The world is getting greener and our racing cars are getting faster, but how do we marry the two? Formula E is the answer.
On Sept. 13, 2014, racing fans around the world were given a sneak peek into the future as history was made in Beijing where the first ever Formula E (electric car) race took place. With about 75,000 live spectators, 10 teams with 2 drivers each raced each other in a bid to write their names in the history books of motor sports. Well, tires screeched, batteries ran down, and a collision happened, but after everything, my guest on today's stroll got a spot on the podium.
Finishing 3rd, only behind Franck Montagny (2nd) and Lucas di Grassi (1st), Sam Bird--driver for the Virgin Racing Team--put up a great performance to the delight of cheering fans. In the course of our stroll we talked about Formula E, Formula 1, the future of motor sports, and much more. Here we go:
Ebenezar: Many thanks for joining me on this stroll, Mr Sam.
Sam: My pleasure, thanks for inviting me on this stroll.
Ebenezar: The inaugural Formula E race happened a few weeks ago and it got the whole world smiling at the awesome possibilities this new form of racing could offer. You came 3rd in that inaugural race and congratulations by the way, that's some big history right there.
Sam: Yes, I agree. Formula E is a real game changer in so many respects so it's exciting to be a part of it.
Ebenezar: What was the experience with the Formula E cars like? Compared to the F1 cars you used to drive?
Sam: The experience is obviously very different. The power source and the tires in particular make for a driving experience that is unlike anything I've driven before, including F1.
Ebenezar: That's cool. For people, like me, who might not really understand this new form of racing, can you just give us a brief summary of what Formula E is like? Any difference from a normal Formula 1 competition?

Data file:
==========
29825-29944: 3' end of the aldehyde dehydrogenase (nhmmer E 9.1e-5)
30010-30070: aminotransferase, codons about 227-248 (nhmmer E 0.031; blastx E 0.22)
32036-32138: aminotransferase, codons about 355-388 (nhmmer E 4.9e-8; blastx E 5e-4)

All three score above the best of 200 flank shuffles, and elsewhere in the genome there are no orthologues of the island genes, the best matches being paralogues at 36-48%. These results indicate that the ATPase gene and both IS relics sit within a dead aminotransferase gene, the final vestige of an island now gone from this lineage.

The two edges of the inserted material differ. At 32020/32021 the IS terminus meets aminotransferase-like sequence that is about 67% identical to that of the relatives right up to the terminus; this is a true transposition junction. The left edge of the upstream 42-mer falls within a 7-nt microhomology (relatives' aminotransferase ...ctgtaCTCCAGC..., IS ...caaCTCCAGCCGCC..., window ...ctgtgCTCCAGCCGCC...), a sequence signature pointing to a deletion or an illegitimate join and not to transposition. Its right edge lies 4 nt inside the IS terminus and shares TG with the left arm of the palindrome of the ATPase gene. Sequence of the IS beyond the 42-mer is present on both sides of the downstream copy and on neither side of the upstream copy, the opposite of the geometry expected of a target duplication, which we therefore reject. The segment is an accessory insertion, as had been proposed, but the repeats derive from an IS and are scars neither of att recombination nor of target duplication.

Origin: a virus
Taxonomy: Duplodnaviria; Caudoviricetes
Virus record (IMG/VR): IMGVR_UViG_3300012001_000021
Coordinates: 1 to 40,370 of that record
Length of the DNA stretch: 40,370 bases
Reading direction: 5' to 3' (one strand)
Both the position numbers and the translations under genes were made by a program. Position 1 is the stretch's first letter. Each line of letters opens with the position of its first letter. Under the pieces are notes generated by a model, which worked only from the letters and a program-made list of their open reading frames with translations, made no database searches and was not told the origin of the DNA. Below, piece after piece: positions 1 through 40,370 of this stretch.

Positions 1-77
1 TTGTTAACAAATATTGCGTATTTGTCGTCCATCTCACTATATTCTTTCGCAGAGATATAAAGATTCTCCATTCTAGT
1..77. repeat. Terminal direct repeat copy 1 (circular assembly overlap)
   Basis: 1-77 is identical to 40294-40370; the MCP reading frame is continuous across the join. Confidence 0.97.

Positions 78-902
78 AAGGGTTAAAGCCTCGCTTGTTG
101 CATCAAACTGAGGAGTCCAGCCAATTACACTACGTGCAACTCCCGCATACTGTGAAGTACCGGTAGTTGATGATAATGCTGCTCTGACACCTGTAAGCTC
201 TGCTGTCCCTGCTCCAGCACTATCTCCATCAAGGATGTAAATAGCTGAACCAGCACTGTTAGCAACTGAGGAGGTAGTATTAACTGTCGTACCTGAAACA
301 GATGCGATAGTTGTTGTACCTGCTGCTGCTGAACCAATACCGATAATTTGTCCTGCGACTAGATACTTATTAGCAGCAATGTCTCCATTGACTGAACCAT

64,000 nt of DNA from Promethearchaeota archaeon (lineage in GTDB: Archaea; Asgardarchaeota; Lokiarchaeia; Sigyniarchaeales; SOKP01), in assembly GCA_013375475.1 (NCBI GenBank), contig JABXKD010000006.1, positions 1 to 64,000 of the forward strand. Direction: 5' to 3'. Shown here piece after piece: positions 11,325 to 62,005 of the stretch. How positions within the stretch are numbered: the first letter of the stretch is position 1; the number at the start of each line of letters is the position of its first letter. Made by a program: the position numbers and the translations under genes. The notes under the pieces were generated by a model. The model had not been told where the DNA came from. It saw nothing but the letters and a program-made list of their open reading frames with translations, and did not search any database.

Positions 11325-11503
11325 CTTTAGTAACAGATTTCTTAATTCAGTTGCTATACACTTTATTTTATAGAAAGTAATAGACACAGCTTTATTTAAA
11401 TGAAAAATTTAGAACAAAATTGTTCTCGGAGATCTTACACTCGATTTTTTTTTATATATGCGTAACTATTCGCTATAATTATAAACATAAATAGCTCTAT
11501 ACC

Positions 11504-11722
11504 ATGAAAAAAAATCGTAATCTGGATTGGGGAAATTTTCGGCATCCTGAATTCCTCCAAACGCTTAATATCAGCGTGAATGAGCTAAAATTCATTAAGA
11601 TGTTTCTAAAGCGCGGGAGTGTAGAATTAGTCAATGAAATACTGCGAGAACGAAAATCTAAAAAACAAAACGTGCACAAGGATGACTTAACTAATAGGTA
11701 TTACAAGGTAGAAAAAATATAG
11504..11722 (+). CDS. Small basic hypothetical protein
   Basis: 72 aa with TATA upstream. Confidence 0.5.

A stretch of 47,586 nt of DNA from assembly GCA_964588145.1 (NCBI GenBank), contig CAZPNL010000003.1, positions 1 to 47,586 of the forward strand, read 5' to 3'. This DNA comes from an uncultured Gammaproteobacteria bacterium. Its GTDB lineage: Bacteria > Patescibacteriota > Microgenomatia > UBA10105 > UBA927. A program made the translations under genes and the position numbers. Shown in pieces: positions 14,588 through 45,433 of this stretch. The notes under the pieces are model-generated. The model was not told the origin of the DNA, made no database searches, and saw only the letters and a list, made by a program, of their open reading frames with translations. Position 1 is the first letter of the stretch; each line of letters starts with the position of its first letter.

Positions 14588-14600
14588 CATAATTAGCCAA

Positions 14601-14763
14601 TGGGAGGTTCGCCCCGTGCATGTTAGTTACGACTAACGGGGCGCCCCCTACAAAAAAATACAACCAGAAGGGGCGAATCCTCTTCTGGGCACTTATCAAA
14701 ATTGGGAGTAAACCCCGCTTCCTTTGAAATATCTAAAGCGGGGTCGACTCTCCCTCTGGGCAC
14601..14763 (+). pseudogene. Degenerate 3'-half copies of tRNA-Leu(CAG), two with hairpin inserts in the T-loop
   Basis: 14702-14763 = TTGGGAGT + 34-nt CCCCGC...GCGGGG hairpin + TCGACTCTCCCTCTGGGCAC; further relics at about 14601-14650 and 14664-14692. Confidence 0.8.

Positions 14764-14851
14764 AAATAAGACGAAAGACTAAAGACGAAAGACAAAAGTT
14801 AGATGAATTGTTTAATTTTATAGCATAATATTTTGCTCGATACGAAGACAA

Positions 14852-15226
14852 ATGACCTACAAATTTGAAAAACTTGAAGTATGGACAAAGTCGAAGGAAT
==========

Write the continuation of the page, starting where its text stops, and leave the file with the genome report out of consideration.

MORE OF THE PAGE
Sam: Both disciplines have the same objective of racing from lights to flag faster than your competitors. However, the big difference is the main perishable resource you most need to manage in the process. In F1 it is tires. In Formula E it is battery power.
Ebenezar: So the seasons, sponsorships and other things work just like Formula 1?
Sam: Yes pretty much. There are a few differences in the format of the races, such as the mid-race car change and the fan boost, which enables fans to have an influence over the outcome by voting to award their favorite driver an additional power boost. Otherwise the championships operate in similar ways.
Ebenezar: Wow, I like the fact that fans are carried along in the process. Now, although it's just starting, experts have tipped Formula E to be the racing sports for the future, considering the green philosophy and system which operates it. What do you think about this?
Sam: I agree. If electric technology is the technology of the future for the automotive industry at large, which I do believe to be the case, then it stands to reason that electric racing will be the future of car racing. As the technology develops, the factors that may be limiting today, such as battery size, weight and autonomy will cease to be a problem. In that respect, there will come a day when electric racing will no longer be a compromise. Even F1 has embraced a form of electric technology through the use of ERS (Energy Recovery System).
Ebenezar: Oh really? That's awesome. Sports in general is getting greener it seems.